Cash, Clunkers, and the Value of Broken Windows - Zilch!

The Cash-for-Clunkers program makes us all poorer.

The billion dollars the US House and Senate allocated for the "Cash for Clunkers" program ran out in a week; it seems that the government will chip in another 2 or 3 billon.  Big-government folks are waxing lyrical about the program's "success," forgetting the rather obvious fact that most people will take free money if it's offered them.

To oversimplify a bit, a car dealer who gets a trade-in which meets the government's definition of "clunker" can fill out a form which results in the government sending the dealer a check whose value is between $3,500 and $4,500 depending on the difference between the rated MPG of the clunker and the rated MPG of the new car.  This money goes to the dealer, but the dealer typically reduces the selling price by that amount.

Whenever a government program proves so popular that they throw more money at it, it's a good idea to take a look at some of the side effects.  For people to accept free money on offer is no surprise; a far better question is, "what's the real cost?"

Nothing in this world is free, and the much vaunted "cash for clunkers" is no exception.  Far from being free, it will turn out to be very expensive indeed in many ways.

Delayed Sales

The program has been discussed for months.  From the moment the idea hit the news, anybody who had any choice would stay away from a car dealer.  Why buy a new car if there was some possibility that the government might give you a check if you waited until the program kicked in?

Nobody knew what the rules would be, so no matter what sort of car you were after, it made sense to delay getting it until the rules settled down.

Part of the reason the program was so instantly successful was that some of the sales were sales that would have happened in earlier months if the program had not been talked about; on Day One of the program, everyone who had already done the research and planned to buy a car but was just waiting for the government money stormed the dealerships.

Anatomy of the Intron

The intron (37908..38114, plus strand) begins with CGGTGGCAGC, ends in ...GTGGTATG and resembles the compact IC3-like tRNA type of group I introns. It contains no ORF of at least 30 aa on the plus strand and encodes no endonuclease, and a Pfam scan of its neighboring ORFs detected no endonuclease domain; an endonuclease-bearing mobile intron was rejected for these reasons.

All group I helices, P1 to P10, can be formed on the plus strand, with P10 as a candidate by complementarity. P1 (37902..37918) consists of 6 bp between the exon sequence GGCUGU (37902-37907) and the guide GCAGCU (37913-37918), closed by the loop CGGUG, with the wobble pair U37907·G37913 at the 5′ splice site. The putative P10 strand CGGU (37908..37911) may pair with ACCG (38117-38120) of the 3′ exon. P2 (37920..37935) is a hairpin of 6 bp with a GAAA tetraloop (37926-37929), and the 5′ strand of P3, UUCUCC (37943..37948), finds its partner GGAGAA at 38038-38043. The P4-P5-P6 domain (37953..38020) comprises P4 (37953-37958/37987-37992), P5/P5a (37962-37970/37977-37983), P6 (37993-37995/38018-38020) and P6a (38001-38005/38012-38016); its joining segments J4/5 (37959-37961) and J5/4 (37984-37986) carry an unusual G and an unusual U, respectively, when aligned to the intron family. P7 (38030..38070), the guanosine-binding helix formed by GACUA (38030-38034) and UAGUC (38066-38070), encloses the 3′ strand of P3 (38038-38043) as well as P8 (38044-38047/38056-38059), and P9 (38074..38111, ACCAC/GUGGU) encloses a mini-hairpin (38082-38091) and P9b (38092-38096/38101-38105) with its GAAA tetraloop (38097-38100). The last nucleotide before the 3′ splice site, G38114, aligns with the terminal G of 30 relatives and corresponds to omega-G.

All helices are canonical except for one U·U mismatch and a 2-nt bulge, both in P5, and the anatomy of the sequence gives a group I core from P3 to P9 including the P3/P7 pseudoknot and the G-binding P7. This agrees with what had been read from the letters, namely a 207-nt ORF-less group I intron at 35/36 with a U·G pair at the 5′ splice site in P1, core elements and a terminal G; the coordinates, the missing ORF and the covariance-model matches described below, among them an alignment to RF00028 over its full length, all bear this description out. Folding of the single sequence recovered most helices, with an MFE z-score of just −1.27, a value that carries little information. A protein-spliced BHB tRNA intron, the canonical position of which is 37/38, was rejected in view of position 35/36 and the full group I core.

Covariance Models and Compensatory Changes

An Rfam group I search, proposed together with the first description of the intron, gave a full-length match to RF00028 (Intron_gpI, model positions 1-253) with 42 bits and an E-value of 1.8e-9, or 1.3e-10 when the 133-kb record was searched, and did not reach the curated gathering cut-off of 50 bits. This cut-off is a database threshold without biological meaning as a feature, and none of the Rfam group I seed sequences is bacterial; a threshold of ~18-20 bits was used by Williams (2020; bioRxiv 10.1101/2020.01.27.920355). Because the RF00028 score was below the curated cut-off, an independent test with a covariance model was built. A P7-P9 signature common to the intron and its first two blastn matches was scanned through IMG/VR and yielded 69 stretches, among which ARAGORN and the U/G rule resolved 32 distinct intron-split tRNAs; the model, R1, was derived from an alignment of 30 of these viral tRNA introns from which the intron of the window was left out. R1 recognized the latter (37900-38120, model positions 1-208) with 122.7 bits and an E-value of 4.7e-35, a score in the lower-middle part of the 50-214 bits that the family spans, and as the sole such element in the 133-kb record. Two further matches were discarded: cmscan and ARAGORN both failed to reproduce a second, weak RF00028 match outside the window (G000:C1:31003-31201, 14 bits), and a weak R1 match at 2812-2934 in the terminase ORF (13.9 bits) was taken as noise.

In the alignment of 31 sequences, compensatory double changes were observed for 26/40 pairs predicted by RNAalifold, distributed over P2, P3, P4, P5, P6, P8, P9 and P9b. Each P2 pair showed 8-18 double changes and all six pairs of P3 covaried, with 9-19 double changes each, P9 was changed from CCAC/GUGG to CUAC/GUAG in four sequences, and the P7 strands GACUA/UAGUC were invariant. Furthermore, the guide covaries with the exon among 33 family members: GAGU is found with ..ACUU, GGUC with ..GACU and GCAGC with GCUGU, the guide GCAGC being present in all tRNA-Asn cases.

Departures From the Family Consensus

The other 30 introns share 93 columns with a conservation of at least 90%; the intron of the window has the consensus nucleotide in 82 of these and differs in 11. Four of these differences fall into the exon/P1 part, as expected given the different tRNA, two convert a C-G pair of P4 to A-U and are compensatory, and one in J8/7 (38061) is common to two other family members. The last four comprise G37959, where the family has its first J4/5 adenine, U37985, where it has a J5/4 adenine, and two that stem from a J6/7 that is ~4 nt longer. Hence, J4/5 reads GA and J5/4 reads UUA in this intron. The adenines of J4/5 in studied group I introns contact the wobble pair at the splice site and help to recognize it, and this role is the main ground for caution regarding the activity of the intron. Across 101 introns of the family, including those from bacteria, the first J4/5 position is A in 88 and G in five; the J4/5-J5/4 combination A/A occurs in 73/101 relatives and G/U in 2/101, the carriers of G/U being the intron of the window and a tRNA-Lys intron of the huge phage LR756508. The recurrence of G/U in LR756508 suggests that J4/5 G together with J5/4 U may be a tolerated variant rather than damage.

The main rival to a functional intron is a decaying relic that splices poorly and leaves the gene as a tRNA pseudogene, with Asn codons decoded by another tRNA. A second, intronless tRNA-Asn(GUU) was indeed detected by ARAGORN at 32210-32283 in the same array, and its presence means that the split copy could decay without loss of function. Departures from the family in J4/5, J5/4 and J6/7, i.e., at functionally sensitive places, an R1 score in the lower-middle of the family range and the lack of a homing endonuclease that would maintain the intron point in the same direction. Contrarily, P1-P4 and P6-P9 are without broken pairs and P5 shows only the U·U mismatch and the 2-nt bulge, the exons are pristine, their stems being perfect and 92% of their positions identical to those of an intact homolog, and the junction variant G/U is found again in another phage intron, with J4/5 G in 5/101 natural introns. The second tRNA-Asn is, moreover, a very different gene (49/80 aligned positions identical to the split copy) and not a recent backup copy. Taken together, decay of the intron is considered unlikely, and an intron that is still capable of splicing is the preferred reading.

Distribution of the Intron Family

Would car manufacturers be in better shape had those people been buying cars all along, evenly, over the last few months?  Of course they would have.  Delaying sales was very costly to the manufacturers and to their employees.

We've explained that this happens every time the government tries to subsidize anything - the moment the possibility of a subsidy is announced, people stop buying and wait until the rules are set.

Delaying sales makes the program look as if it moved more cars than it really did - a lot of these cars would have been sold in earlier months if not for the program being talked about.

Early Sales

When it looked like the program might run out of money, people who might have waited a month or two rushed into the dealerships.  This pulled future sales into Clunker Month.  Pulling sales into an earlier month makes the program look as if it moved more cars than it really did - a lot of these cars would have been sold in later months if not for the program seeming to run out of money.